A self-stabilizing ring orientation algorithm with a smaller number of processor states

Narutoshi Umemoto, Hirotsugu Kakugawa, Masafumi Yamashita

Research output: Contribution to journalArticlepeer-review

4 Citations (Scopus)


A distributed system is said to be self-stabilizing if it will eventually reach a legitimate system state regardless of its initial state. Because of this property, a self-stabilizing system is extremely robust against failures; it tolerates any finite number of transient failures. The ring orientation problem for a ring is the problem of all the processors agreeing on a common ring direction. This paper focuses on the problem of designing a deterministic self-stabilizing ring orientation system with a small number of processor states under the distributed daemon. Because of the impossibility of symmetry breaking, under the distributed daemon, no such systems exist when the number n of processors is even. Provided that n is odd, the best known upper bound on the number of states is 256 in the link-register model, and eight in the state-reading model. We improve the bound down to 63 = 216 in the link-register model.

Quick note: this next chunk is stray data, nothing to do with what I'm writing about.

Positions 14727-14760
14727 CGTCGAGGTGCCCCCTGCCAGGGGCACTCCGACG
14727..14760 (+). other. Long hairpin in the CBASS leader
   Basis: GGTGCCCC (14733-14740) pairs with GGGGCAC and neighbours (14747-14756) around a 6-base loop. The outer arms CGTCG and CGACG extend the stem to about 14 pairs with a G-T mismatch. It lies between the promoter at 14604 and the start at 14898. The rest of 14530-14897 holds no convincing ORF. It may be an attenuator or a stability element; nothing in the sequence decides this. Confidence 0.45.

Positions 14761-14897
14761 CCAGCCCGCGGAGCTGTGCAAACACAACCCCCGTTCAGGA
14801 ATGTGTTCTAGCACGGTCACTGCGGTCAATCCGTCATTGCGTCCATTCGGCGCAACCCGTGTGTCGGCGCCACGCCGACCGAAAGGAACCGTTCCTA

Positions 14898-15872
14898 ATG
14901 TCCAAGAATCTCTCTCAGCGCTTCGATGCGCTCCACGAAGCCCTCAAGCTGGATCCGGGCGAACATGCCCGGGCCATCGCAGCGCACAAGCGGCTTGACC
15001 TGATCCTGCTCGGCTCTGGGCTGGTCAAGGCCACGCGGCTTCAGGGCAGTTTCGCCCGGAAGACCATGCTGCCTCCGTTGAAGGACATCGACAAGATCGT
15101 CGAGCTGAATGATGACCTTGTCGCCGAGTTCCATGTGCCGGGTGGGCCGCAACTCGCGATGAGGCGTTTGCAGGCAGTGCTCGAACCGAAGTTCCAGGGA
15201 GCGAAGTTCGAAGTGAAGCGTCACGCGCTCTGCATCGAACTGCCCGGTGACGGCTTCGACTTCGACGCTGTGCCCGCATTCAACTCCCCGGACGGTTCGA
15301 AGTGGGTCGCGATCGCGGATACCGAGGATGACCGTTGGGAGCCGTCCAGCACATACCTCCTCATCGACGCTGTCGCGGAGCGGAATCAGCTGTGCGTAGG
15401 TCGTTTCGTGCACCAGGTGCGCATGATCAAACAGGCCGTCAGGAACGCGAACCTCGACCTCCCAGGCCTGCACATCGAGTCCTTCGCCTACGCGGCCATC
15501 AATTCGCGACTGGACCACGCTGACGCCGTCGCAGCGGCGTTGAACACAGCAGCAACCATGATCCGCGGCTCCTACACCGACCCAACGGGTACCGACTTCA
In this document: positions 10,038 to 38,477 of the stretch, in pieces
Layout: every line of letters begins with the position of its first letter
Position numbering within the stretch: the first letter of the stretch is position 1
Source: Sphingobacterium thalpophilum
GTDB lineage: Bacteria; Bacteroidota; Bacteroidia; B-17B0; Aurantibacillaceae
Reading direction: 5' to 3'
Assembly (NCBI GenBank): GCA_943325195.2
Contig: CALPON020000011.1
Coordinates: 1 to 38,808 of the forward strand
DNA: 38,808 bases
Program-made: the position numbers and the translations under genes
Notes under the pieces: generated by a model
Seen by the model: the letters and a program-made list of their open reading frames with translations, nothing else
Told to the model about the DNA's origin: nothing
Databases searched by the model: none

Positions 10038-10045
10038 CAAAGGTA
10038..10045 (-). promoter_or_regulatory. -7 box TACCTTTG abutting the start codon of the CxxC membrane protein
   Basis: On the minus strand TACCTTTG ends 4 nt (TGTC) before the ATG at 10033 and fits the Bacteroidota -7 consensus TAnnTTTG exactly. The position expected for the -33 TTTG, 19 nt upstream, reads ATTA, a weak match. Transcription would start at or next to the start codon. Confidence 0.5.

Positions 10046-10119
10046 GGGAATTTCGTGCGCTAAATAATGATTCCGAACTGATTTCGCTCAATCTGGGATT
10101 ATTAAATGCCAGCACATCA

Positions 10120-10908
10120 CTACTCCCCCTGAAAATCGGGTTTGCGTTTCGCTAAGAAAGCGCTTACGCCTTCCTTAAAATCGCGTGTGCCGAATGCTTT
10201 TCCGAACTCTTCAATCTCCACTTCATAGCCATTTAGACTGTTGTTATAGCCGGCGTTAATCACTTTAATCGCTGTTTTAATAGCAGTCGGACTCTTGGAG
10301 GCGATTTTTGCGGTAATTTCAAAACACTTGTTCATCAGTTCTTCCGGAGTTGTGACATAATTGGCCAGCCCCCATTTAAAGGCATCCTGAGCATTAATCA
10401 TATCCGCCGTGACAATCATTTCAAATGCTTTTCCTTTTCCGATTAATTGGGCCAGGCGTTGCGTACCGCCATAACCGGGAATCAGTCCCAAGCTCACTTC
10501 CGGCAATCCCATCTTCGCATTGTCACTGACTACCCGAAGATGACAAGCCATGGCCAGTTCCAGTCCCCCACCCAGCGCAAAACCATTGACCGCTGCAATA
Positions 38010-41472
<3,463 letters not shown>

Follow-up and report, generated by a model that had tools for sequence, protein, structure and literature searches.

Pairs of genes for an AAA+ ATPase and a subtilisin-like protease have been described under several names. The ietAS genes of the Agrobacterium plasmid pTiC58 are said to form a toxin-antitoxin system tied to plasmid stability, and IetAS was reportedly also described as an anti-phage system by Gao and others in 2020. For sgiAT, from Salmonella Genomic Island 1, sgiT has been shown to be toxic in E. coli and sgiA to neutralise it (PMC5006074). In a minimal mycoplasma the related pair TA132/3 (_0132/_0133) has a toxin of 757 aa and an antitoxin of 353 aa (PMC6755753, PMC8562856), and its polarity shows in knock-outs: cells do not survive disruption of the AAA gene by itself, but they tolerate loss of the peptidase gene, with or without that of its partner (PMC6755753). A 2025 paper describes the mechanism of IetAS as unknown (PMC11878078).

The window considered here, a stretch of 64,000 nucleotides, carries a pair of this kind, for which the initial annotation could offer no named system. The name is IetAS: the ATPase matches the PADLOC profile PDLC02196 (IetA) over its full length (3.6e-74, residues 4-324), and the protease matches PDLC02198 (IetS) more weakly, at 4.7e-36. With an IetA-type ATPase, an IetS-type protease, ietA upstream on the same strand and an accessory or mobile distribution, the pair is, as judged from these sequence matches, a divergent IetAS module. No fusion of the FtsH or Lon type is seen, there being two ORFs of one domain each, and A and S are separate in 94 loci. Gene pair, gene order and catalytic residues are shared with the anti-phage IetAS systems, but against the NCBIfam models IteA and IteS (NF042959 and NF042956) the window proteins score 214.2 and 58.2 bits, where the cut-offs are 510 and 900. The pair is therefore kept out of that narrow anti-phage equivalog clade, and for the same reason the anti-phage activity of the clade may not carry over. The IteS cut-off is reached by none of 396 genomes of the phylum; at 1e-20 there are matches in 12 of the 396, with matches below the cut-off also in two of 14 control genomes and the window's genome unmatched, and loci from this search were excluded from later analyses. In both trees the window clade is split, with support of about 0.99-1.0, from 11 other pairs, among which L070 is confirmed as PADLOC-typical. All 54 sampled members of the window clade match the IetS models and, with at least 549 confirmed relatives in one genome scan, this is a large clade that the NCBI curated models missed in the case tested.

Original languageEnglish
Pages (from-to)579-584
Number of pages6
JournalIEEE Transactions on Parallel and Distributed Systems
Issue number6
Publication statusPublished - 1998

All Science Journal Classification (ASJC) codes

  • Signal Processing
  • Hardware and Architecture
  • Computational Theory and Mathematics


Dive into the research topics of 'A self-stabilizing ring orientation algorithm with a smaller number of processor states'. Together they form a unique fingerprint.

Cite this